Alaska efforts to prepare for Tuesday's elections nearly suffered a setback earlier this summer, when a group sued the state saying it wasn't following provisions of the Voting Rights Act.
The state ultimately prevailed, and apparently got ticked off. Now Alaska wants to block some of the 1965 act's pesky requirements altogether.
Alaska on Tuesday filed a lawsuit against U.S. Attorney General Eric Holder to declare provisions of the act unconstitutional and stop those provisions from being enforced in Alaska.
The act applies only to some states in an effort to prevent historical voting discrimination, and requires the states "submit redistricting plans or proposed election changes" to the Justice Department, the Associated Press reports.
The act "swept Alaska within its reach" after 1972 elections included "English-only" voting materials, the state argues in the new lawsuit filed in the U.S. District Court of Columbia. That was a bad decision based on the idea that Alaska should have provided materials written in Alaska Native languages, the state claims.
"But Alaska Native languages are historically unwritten," the state's complaint alleges. "Although some nineteenth century missionaries attempted to develop orthographies for some of the twenty or so Alaska Native languages spoken in Alaska, it was not until the 1960s that linguists at the University of Alaska developed modern orthographies for these languages. In 1972, few, if any, Alaska Natives could read their native language but could not read English."
In Alaska's early days, there were indeed attempts to make written systems for Native languages, largely as a way to improve missionary outreach. Recently on Kodiak Island, instructional materials dating to the early 1900s for teaching a written Alutiiq language were rediscovered at St. Herman Russian Orthodox Seminary.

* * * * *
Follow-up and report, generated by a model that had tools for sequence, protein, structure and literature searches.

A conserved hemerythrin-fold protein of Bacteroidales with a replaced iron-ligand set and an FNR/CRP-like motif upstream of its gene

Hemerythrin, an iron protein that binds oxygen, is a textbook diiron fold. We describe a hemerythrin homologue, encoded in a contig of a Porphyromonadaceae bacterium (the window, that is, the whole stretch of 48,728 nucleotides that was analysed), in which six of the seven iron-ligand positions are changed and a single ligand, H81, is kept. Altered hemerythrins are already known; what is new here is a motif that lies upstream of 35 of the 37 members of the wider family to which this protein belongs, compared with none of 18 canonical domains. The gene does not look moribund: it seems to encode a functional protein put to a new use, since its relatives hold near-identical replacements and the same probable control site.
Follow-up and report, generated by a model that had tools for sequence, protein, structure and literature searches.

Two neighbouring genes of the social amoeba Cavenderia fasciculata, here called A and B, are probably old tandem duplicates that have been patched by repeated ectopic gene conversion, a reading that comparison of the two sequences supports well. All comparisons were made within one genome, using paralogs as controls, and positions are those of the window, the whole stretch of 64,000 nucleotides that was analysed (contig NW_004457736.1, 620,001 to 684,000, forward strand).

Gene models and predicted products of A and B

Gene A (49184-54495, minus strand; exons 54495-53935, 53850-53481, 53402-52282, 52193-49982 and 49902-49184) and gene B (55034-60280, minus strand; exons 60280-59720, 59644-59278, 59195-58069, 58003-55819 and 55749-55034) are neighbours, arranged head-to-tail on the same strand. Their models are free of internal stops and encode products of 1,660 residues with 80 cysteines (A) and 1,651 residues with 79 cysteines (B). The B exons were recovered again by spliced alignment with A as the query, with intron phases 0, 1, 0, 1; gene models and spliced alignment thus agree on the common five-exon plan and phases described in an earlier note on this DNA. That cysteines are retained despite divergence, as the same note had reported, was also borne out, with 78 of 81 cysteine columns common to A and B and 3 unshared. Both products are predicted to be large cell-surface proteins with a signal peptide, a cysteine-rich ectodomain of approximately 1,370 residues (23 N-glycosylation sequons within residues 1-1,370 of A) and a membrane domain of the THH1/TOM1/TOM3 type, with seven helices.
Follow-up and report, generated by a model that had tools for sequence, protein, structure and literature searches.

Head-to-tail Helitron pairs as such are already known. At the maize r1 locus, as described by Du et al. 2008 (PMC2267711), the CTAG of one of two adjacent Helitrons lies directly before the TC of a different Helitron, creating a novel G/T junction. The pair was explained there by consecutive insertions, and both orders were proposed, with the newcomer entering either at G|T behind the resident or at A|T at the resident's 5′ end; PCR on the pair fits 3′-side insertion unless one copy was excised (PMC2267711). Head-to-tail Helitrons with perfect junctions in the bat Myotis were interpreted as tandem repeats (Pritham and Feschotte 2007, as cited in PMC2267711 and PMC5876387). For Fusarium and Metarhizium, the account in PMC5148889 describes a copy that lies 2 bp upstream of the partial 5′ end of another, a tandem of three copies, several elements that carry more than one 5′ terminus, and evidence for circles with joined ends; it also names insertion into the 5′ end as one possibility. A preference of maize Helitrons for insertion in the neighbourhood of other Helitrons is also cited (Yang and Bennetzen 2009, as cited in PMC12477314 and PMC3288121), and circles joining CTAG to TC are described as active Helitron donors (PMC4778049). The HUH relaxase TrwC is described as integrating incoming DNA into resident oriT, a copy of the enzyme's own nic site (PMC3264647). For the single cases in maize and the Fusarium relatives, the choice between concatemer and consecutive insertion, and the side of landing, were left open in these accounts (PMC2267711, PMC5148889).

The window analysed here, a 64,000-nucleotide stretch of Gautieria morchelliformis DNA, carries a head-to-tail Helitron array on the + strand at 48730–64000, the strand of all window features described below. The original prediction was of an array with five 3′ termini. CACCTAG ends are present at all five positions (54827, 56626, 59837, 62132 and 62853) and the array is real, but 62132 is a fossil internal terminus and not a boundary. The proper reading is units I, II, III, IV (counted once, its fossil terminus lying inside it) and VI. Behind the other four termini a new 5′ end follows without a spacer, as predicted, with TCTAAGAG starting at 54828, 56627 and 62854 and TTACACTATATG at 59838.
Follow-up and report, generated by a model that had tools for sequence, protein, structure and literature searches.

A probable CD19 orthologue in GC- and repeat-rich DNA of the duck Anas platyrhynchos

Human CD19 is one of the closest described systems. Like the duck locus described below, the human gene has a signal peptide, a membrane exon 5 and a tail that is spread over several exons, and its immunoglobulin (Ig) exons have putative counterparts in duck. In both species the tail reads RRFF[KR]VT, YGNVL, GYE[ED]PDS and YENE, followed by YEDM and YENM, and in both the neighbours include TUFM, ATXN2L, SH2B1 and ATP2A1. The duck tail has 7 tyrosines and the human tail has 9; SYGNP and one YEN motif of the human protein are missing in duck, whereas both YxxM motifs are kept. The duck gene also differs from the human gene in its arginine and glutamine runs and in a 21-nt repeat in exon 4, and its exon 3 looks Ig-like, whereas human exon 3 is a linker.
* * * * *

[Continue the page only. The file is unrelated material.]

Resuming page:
The U.S. Voting Rights Act was reauthorized in 2006, including for Alaska, but no evidence was presented showing why Alaska should be included with states where "voting discrimination has been most flagrant," the state argues.
Earlier this summer, the Native American Rights Fund cited the Voting Rights Act in a suit designed to stop the state from preparing for the primary election using a redistricting plan that hadn't received federal approval. The group argued that the preparations should be suspended until the state received approval from the Justice Department or the U.S. District Court in the District of Columbia, as required by the Voting Rights Act.
The Justice Department signed off on the redistricting plan and the case was rendered moot, the state says in its suit. But the lawsuit could have disrupted the election, the state claims. The state also argues that the section of the act requiring federal approval, or preclearance, is onerous, requiring Justice Department approval even for small changes that don't involve minorities.
As it stands, Tuesday's vote is moving ahead as the state planned. For information about the primary, including polling places and hours, visit the state's Elections page.
Contact Alex DeMarban at alex(at)alaskadispatch.com